Sparkle is an essential element in almost all U.K. guitar rock.
If a song is an earnest plea to an unrequited love, the piano must
twinkle. If it’s a soaring search for identity, expect the
guitars to clash serenely. Snow Patrol, a Northern Irish quartet,
provides so much shine on Final Straw one has to wonder if
it’s designed to conceal the under-cooked lyrics.
When front-man Gary Lightbody cries, “I’m broken and
colder than her,” on “Grazed Knees,” it’s
almost too confessional, a type of soggy meekness that produces
little emotional resonance with the listener. Most of the album is
filled with the same bleating and fussy lines. Other, more powerful
Brit-pop acts evoke more specific, affecting images with their
wordplay. Snow Patrol is content to let images of beaches and
hallways do what little they can.
Final Straw finds some redemption in the album’s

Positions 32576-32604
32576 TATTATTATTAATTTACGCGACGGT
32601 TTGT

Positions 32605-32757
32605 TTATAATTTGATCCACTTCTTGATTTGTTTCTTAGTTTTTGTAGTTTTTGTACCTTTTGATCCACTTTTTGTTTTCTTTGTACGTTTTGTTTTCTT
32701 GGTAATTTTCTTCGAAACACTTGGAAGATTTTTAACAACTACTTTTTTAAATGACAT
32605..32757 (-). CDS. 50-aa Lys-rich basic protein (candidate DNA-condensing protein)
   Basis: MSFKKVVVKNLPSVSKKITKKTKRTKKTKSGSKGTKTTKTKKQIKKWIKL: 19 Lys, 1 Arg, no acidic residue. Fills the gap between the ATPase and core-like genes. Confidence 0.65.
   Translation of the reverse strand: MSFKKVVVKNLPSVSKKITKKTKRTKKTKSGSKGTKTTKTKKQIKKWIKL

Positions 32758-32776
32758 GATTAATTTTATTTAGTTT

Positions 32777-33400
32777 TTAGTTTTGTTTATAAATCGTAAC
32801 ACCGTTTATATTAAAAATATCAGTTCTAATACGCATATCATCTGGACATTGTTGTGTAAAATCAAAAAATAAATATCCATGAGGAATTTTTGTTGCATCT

often lucid melodies and arrangement. Celestial whistles rush in at
the end of the album opening “How To Be Dead.”
“Ways & Means” has mechanical hisses that mesh well
with the song’s nonstop guitars.
Sadly, the album just doesn’t have enough of those
guitars. Snow Patrol is content to feast on pianos and elegant
reverb, never seeming to care that the dearth of guitars drains an
essential chemical from their music. Only occasionally does the
band let the guitars actually crack the lunar sheen. Even the
disintegrations of the disc’s songs share a controlled,
Perhaps the double-edged sword of this genre is while few of the
bands are horrid, most of them fall in a muddled twilight realm.
Spreading identical cascading pianos and starry-eyed verses across
a plethora of bands leaves a lush but empty plain of music. With no
vital thrust of guitars and scrawny lyrics, Final Straw trips on
its own gloss.
Rating: 2 out of 5 stars